Once or twice I got a chance to work with [Atlantic editor] Bill Whitworth on a piece or two — and I was just kind of struggling to support myself and, you know, life is busy and I wasn’t writing that much. He just said very simply, “Are you writing every day?” and I said, “Ummmm,” and I sort of mumbled because I couldn’t say yes.
It was a horrible feeling, and the day after that, I started writing every day … I fudge a lot where I think, “OK, did you write anything, did you write a text? Did you write an email? Did you write just notes on a scrap of paper? Did you write something?” So that’s how I get around it sometimes, by stretching the definition.
Let’s face it, there’s almost always something more fun to do than write on any given day. I mean, those socks aren’t going to organize themselves, are they? But if you get in the every-day habit, eventually it will become hard to break.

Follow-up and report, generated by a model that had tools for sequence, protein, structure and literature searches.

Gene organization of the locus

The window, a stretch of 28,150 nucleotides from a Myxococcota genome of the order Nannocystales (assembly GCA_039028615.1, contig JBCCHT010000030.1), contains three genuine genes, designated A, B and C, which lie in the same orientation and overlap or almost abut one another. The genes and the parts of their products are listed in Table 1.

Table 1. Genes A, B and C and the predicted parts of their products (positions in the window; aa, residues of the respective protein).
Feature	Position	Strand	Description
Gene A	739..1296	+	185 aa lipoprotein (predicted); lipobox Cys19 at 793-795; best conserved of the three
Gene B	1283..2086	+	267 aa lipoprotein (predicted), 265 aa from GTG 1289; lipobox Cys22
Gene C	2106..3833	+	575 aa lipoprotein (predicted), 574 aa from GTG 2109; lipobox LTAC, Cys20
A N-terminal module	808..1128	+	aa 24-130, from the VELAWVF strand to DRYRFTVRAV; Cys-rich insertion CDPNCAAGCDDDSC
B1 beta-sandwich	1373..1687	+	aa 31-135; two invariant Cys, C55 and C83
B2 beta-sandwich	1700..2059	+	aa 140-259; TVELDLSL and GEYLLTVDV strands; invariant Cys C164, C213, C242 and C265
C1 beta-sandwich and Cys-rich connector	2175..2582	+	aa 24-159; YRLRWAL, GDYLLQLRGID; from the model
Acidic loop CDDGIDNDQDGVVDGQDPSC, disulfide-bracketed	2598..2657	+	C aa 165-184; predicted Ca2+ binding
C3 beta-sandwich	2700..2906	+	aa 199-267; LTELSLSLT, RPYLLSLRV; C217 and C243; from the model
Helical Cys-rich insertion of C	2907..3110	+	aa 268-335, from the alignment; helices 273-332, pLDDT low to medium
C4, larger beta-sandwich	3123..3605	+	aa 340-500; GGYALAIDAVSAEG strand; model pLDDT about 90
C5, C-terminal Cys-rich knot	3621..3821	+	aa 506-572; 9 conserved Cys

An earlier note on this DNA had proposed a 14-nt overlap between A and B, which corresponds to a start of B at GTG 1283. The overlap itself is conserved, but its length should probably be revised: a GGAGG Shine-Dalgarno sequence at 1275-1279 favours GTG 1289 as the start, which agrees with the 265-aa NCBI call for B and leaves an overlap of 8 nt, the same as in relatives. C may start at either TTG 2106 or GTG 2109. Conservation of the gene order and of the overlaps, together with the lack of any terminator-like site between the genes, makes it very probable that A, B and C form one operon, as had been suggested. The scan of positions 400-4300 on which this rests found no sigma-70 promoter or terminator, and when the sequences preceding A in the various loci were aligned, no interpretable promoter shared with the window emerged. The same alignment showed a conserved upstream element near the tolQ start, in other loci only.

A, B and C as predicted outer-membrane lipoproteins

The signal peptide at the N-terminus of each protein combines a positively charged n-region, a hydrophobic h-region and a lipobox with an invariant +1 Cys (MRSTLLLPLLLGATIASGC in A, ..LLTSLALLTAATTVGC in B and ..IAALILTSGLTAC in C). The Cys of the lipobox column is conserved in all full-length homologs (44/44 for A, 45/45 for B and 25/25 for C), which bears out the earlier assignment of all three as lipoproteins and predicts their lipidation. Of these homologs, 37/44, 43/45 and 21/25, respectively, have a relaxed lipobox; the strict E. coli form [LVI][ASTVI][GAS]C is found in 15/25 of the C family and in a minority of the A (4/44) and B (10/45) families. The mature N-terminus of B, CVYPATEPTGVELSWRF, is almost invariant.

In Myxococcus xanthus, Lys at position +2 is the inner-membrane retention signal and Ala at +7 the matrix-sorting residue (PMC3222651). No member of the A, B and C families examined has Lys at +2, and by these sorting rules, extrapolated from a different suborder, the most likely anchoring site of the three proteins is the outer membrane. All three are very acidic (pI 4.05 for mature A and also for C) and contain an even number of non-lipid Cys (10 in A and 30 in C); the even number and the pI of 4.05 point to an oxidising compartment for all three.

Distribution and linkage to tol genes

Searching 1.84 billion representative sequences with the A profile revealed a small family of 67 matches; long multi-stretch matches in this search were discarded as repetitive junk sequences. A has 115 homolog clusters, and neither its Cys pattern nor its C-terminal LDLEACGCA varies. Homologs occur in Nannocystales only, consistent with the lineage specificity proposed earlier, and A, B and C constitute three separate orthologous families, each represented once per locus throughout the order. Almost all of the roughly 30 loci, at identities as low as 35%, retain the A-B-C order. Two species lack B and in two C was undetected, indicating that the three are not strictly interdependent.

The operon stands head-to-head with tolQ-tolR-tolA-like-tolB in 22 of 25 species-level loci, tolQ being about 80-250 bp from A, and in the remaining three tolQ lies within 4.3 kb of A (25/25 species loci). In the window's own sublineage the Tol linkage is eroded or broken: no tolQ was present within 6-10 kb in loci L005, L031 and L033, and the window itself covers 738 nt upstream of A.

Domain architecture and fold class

(c. 1924, Library of Congress)
Forget plotting or sounding out your dialogue. Half the time, the greatest struggle with writing is the fight to just keep going. To that end, anything can potentially help.
Greta Gerwig, who’s adding a sideline of screenwriting to her acting career, gave this advice to the New York Times Magazine:
I have gotten into baseball recently, and whenever I have trouble writing, I think about the pace of baseball. It’s slow. You strike out a lot, even if you’re great. It’s mostly individual, but when you have to work together, it must be perfect. My desktop picture is of the Red Sox during the World Series. They aren’t winning; they’re just grinding out another play. This, for me, is very helpful to have in my mind while writing.
Keeping up spirits matters. Be your own cheer squad if need be. Whatever it takes to grind it out.
(Library of Congress)
The winners of the 2015 Magazine Awards (the rather unfortunately named Ellies) have been announced. The New Yorker took home a few as usual, and Vogue won for publication of the year.
More interestingly, awards are also given out for best individual articles; here are some links: